Real Aircraft Emergency Near Aruba

The following is a true story. Since I’m reproducing it from memory, the conversations in the following are not word-for-word perfect. All of the aircraft call signs, including those in the commentary at the end, are fictitious.

Beechcraft King Air 90 in trouble!

Last week I was flying an airline trip from Caracas, Venezuela to Atlanta, Georgia. We were over the ocean, approaching the Dutch Antilles islands—Aruba, Curacao, and Bonaire. Our flight had just switched from Maiquetia Control, (that’s the air traffic control center serving coastal Venezuela,) to Curacao Control. After I checked in on the radio with Curacao, I heard this, “November Charlie Tango Oscar Uniform Sierra, about half of my fuel is gone.” The pilot had a heavy, Portuguese accent.

“ November Charlie Tango Oscar Uniform Sierra, Curacao, say again.”

“ November Charlie Tango Oscar Uniform Sierra, has about half fuel. I think we have a fuel leak.”

“Curacao copies. November Oscar Uniform Sierra, say your intentions.”

“November Oscar Uniform Sierra would like vectors to Aruba,” said the pilot.

“November Oscar Uniform Sierra, for vectors to Reina Beatrix Airport, fly heading two eight zero. You are 65 miles from the airport.” said Curacao Control.

“Heading two eight zero. And I would like to begin a descent, November Oscar Uniform Sierra ”

“November Oscar Uniform Sierra, descend at your discretion to flight level four zero. Beatrix QNH 1012.”*

“November Oscar Uniform Sierra is leaving flight level two one zero, descending to four zero. And my left engine just stopped.”

“November Oscar Uniform Sierra, say again,” said the controller.

“November Oscar Uniform Sierra, my left engine is not running. No left engine,” the pilot said.

“Curacao copies.”

Whoa! Wait a minute there, Mr. Pilot. If you are trying to make it to land; and, your fuel is running out; and, one of your engines has already quit, do you really think it is a good idea to descend? You might need that altitude to glide, dead stick**, to the airport. I wanted to say this on the radio, but I kept my mouth shut. Who knows. Maybe the airplane he was flying could not maintain its present altitude on only one engine.

“November Oscar Uniform Sierra,” said Curacao Control, “say your aircraft type.”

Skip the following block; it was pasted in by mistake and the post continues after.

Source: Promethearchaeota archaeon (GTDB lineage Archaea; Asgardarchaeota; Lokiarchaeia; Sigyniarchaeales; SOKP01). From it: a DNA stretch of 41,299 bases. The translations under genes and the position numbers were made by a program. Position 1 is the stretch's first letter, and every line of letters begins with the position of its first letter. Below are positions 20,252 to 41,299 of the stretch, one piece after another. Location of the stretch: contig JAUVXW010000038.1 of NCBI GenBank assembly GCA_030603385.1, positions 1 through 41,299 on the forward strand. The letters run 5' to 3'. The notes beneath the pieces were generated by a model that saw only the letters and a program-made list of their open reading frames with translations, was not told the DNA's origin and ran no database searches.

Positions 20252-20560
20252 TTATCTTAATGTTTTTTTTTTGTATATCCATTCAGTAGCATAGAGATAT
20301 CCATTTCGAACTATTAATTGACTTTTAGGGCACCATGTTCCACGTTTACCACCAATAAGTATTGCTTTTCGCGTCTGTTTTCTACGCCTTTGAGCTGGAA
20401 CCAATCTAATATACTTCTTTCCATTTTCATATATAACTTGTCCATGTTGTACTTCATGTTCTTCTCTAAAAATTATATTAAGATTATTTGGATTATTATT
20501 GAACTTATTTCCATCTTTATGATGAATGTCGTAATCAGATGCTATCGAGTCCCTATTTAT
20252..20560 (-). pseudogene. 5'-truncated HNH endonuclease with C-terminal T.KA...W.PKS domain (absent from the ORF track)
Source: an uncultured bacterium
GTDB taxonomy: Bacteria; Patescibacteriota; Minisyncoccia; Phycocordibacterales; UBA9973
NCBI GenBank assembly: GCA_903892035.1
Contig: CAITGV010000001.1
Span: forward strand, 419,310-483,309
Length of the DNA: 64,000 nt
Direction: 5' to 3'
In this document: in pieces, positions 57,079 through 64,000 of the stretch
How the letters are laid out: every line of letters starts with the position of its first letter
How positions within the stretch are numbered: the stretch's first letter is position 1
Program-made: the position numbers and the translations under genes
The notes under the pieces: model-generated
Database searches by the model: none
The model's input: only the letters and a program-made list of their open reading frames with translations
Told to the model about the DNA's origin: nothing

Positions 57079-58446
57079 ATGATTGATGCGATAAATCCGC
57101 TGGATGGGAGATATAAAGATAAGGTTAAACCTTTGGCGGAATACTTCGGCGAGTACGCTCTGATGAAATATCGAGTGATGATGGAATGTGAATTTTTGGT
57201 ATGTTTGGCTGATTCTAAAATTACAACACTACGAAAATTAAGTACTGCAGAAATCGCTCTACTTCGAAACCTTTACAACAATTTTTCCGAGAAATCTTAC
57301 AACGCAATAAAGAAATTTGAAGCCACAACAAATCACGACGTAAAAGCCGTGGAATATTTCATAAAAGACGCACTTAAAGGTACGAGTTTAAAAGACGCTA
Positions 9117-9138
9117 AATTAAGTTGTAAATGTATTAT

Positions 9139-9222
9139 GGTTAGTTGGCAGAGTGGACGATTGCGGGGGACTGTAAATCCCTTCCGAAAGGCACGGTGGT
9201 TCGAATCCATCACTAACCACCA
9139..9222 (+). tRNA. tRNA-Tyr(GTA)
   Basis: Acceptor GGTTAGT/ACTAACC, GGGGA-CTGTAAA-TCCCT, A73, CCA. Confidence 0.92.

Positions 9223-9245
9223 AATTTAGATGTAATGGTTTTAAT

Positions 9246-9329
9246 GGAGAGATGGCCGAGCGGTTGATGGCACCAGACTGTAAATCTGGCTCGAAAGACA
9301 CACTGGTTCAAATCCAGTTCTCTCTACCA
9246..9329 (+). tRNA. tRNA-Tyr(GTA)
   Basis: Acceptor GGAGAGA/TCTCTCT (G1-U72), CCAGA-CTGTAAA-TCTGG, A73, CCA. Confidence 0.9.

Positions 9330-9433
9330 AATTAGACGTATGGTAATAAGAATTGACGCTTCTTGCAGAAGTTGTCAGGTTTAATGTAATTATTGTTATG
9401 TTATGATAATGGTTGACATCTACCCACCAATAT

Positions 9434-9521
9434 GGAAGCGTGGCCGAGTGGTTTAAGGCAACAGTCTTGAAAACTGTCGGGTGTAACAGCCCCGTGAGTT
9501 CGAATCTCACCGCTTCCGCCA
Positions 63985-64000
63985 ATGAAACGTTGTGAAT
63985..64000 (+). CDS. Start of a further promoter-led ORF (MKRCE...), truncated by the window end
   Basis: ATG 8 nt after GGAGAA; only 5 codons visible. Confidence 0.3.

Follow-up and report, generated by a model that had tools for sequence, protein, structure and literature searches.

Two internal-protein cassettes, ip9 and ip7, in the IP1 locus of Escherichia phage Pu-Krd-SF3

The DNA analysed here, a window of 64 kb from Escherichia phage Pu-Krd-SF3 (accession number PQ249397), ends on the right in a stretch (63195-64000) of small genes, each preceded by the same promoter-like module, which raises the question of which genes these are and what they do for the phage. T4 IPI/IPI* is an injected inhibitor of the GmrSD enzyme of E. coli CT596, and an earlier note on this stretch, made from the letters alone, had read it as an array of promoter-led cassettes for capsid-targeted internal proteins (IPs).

Good question! I know the controller wants that information to pass along to the Search and Rescue team. I wanted to know it because some airplanes can stay at higher altitudes on one engine than other aircraft.

“November Oscar Uniform Sierra is a Beech 9L.” The Beechcraft 9L is a King Air, a powerful, corporate twin engine aircraft that should have no trouble maintaining altitude on one engine. (The designator BE-9L is the ICAO identifier for the King Air. The U.S. designation is BE-90.) Maybe this airplane was heavily loaded with cargo and passengers, so the pilot could not maintain his current altitude.

“November Oscar Uniform Sierra, I just lost my navigation instruments,” the pilot said quietly.

“November Oscar Uniform Sierra, you say you lost your instruments?” the controller said.

“November Oscar Uniform Sierra, I can’t navigate. I will need a heading to Aruba,” the pilot said.

“November Oscar Uniform Sierra, two eight zero is a good heading. Fly heading two eight zero. You are forty-eight miles from Aruba. I show you descending through flight level one zero zero,” the controller said.

Okay, I know the Beechcraft King Air can maintain ten thousand feet on one engine. My point is this: get over the top of the airfield with some altitude underneath you. Then, if your second engine quits, you can glide down to the airport without power. If you intentionally lose all your altitude before you reach the airfield, you have nothing to work with if the second engine quits. Altitude equals gliding distance.

“Curacao, November Oscar Uniform Sierra, I have about 2 minutes of fuel remaining,” the pilot said. I want to point out that the pilot’s voice was cool and calm this entire time. His voice never went up in pitch. He never talked fast or sounded nervous on the radio. I’ll have more on this at the end of the story.

“Curacao copies. You are three zero miles from the airport. I show you descending through flight level six zero. Beatrix weather is CAVOK. The winds are one two zero at one five knots. QNH 1013. Landing Runway One One.”

Several minutes pass.

“November Oscar Uniform Sierra, I think I have thirty seconds. Thirty seconds of fuel left,” the pilot said calmly. “Do you have rescue on the way?” This was the first time I heard the pilot mention rescue. I never heard him use the word “Emergency.” He may have said it before I checked onto the frequency.